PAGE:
Even without Human Rights, it would always be possible for the courts to treat a service or an activity as such an important area of a person’s life, that common law principles of fairness would be said to have required notice and reasons in any event.
So when the Care Act was being drafted, it was no doubt considered to be time to put the rights of the carer on to a clearer basis.
Carers were given fresh Care Act rights to assessment for their support needs, rights to an eligibility decision about those needs, rights to a support plan under s25, and the implicit right to turn the budget into a carer’s direct payment.
Respite (replacement care) was also made, indubitably, from then on in, a service for the client, not the carer. So respite costs are not part of a carer’s care plan any longer (although a sitting service might be, because its purpose is to underpin other aspects of care being provided; the carer is not at leisure; they are still ‘on the case’, as it were…). There’s another myth busted about that, later on – Myth no. 10 if you’re interested in that one.
So, it’s been the law since the Gloucestershire case in 1997 that once a person is eligible, their budget must be appropriate and adequate enough to survive judicial review scrutiny (ie not be unlawful, irrational, unfair, etc).
That duty – regarding the size of the budget – is individually enforceable, because the duty is owed to each eligible service user. The Cambridgeshire case, many years later, reiterated that there has to be a rational nexus between the needs and ‘the points’ in a resource allocation system (ie how much care, and for how long, and how often?); also between the points and the pounds allocated (ie what type of input, if it all costs different amounts?), and finally as between the points x pounds figure, and the real cost of the required inputs, from the local or other relevant market. That’s what ‘rational’ means in public law.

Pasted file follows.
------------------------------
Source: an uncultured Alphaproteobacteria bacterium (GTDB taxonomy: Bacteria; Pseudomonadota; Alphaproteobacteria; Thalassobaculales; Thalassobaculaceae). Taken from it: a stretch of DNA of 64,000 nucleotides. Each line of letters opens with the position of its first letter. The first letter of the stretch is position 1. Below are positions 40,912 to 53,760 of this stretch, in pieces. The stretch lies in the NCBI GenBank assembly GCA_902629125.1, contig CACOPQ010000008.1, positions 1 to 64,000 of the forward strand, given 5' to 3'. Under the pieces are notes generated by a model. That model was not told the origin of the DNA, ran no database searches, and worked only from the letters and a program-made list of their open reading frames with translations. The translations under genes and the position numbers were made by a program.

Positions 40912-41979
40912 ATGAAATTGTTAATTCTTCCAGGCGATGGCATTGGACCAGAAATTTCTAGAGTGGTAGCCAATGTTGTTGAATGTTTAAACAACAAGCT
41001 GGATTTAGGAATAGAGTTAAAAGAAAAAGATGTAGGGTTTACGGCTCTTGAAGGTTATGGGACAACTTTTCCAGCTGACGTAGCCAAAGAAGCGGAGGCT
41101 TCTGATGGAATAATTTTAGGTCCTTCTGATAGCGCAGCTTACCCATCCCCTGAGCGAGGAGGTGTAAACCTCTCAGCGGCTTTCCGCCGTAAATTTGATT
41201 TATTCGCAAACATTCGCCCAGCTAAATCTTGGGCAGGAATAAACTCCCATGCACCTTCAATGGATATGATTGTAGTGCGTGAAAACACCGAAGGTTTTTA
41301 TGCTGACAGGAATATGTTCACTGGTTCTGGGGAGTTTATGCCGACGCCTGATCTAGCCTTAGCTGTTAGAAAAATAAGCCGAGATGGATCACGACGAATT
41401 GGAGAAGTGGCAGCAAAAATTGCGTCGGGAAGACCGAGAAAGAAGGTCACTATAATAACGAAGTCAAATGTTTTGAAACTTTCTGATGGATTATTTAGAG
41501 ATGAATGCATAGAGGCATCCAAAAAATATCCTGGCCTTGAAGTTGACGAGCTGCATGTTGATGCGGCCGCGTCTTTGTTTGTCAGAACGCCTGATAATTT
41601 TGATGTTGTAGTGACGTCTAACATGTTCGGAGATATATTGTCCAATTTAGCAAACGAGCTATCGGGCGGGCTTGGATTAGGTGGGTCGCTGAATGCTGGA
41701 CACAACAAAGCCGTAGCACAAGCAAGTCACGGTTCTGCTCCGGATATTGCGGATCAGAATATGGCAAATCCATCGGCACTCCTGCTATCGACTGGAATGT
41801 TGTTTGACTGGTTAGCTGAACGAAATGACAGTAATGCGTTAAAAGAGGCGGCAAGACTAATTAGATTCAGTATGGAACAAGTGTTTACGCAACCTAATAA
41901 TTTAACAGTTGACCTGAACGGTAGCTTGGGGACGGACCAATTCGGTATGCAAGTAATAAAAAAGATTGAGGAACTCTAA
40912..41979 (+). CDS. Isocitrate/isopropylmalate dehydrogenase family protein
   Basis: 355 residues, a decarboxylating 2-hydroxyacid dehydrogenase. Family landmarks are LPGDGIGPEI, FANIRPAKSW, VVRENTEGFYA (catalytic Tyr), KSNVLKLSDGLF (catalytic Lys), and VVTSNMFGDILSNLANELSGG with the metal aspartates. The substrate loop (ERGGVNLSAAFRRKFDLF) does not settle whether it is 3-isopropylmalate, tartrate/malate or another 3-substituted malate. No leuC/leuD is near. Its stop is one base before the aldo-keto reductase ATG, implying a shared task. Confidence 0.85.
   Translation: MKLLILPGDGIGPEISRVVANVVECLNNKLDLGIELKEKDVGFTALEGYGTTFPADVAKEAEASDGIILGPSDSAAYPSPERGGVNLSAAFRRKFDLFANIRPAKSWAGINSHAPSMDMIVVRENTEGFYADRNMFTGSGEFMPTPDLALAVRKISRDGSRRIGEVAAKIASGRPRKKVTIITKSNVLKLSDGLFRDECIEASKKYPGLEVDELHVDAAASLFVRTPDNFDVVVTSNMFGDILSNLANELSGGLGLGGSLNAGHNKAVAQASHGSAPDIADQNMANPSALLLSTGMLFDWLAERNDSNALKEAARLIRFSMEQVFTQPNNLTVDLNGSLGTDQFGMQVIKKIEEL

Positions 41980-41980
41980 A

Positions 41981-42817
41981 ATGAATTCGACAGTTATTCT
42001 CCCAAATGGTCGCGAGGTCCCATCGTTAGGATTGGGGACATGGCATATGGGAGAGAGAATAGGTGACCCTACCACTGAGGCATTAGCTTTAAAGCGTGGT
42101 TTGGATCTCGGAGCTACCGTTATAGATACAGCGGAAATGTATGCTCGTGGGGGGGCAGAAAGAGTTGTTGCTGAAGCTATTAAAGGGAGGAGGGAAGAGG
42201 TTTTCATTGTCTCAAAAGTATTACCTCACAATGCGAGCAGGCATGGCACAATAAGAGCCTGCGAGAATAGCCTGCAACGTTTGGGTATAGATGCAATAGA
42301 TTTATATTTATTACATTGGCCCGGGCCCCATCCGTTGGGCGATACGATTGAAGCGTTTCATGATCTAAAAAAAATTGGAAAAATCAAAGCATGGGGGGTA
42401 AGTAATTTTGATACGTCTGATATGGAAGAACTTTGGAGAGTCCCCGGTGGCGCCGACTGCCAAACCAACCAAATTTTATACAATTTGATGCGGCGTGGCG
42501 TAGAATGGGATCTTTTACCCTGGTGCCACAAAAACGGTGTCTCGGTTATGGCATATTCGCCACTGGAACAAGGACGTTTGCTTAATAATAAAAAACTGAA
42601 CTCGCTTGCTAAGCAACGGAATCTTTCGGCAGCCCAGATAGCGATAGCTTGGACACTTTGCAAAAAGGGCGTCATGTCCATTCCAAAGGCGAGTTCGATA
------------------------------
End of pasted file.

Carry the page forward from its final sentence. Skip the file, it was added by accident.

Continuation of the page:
So, although it’s taken a long time to get here, we are thinking that if that’s the law for service users, still, under the Care Act, (and it is) then it has to be the law for carers too.
Yet what is happening out there?
If a change in the law has trebled the number of people who count as carers, by removing the condition that regular and substantial care must be provided before one even counts at all, then clearly a council’s desperation to spend only the same amount of money as before, on that trebled group, now, is going to mean that either all carers get less or that the council has to give points to the input so as to reflect relativity between all of them. The points might be awarded, according to who does the most, or who suffers the most or who saves the council the most money because of the nature of what they do, regardless of the amount. The legality or rationality of this, in view of the purpose of meeting the carers’ NEEDS, as assessed, has not been litigated as yet, so it’s all up for grabs.
Various resource allocation schemes out there, attempt to do this in one way or another: some with banded rates; and some with impact scores. The fundamental problem we have with these is that neither sort of variation pays attention to the actual domains in which the carer has been assessed as unable to achieve.